Travelling (Almost) Prepared: A story from our customer

Travelling (Almost) Prepared: A story from our customer

As our October 777 Cathy Pacific flight began to shake, rattle, and roll, our pilot came on the speaker to say we might not land as expected. With Hong Kong almost in sight it seems that we were about to enter the outer edge of a TROPICAL TYPHOON that had its center near Shanghai China. The center is no problem but the edge is rather violent. How did I get into this situation?

Ten months before we were in the grip of winter 2015 and the cold never seemed to want to stop. As I pulled into my subdivision there was water all over the street and steam rising in the bitter cold. I thought, “I bet some poor bastard had his pipes burst from these record temps.” Then I pulled into my driveway and realized the water was coming from my place.

After the emergency plumber left around midnight I could not sleep and went online and found a wonderful picture of a balloon floating over a valley of temples in Burma as the warm sun just began its climb into the sky for the day. Mist rolled around objects on the ground as it does before early morning heat burns it off. I wanted to be the man in that balloon and over the next months made plans to do just that. What I had not planned on were all the wonders of nature along the way.

The roller coaster movement of the craft started to smooth out and vibrations began to go through my seat as the ground spoilers, ailerons, and wing flaps started doing their jobs. A short time later we were on the ground at Hong Kong International and happy to be there to begin a 5 hour wait for my next flight out to Bali, Indonesia.

Bali has had recent problems in that some distance away the ground has exploded rock, ash, and fire into the air to a height of a few thousand feet. This VOLCANO is a danger to aircraft and no one knows when it will go off again. Thus I built in an extra day or two for travel there. However this day it was quiet and soon I was meeting my guide and travel friend, Boni, at Denpasar International airport.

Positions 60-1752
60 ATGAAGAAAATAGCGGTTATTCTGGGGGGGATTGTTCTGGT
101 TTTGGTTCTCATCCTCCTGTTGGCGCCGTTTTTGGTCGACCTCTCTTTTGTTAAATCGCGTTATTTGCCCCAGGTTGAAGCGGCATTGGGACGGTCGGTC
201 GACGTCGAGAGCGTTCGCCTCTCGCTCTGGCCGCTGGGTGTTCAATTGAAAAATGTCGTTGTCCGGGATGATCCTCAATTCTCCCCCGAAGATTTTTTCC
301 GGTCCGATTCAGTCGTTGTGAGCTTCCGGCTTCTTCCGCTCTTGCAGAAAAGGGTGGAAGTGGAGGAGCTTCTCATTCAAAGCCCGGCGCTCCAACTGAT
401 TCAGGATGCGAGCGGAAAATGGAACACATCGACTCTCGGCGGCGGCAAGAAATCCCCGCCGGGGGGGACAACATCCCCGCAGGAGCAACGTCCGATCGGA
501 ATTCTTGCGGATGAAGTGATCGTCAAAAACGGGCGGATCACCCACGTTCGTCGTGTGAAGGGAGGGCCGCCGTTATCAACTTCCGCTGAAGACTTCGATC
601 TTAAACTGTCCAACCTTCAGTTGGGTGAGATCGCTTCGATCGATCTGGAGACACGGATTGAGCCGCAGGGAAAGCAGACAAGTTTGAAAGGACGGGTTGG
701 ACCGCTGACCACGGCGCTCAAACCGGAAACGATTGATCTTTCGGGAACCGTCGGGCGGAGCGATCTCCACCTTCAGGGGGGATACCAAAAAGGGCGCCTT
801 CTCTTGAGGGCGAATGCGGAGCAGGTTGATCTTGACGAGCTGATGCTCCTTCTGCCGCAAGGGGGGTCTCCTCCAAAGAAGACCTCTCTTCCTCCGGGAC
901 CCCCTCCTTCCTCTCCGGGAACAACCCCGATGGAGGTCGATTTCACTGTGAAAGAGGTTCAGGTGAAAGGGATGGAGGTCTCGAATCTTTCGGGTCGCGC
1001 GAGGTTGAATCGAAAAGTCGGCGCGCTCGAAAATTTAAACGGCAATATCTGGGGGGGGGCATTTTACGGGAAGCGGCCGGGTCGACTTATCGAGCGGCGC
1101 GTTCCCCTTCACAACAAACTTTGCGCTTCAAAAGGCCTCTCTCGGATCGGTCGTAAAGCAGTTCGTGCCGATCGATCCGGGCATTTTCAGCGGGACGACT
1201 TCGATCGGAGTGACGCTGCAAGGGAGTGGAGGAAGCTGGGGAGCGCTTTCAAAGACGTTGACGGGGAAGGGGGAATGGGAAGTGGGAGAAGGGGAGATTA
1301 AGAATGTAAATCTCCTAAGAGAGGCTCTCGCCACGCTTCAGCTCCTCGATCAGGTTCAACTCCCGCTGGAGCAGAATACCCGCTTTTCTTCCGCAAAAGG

I allowed a few days rest in Kuta before we took off for the smoky city of Kuala Lumpur, Malaysia. FOREST FIRES from the large island of Sumatra, Indonesia were out of control and smoke was covering a large area of South Asia. As well 11,000 people have been taken to hospital and some had died. We never left the air conditioned airport and, after a while, we were again taking off on Air Asia for Bangkok, Thailand. Bangkok is exactly the kind of place I wanted to avoid. It is hot, polluted and chaotic and filled with tourists the locals are probably tired of seeing. On the other hand Burma (Myanmar) has been closed to tourists for most of the last 30 years and views them in a fresh light.

Soon we took off for Mandalay, Burma which is almost in the middle of the country, the second largest city and the last royal capital of old Burma. After a free bus ride into the city, we checked into our three star hotel and began walking the streets. The first thing that I noticed were large industrial size generators outside most stores. We assumed that the power must go out a lot — and it does but only for a moment. The second thing that I noticed were the very high street curbs. In Canada we often make them about 6 inches high but these were ten inches and up to a foot high in places.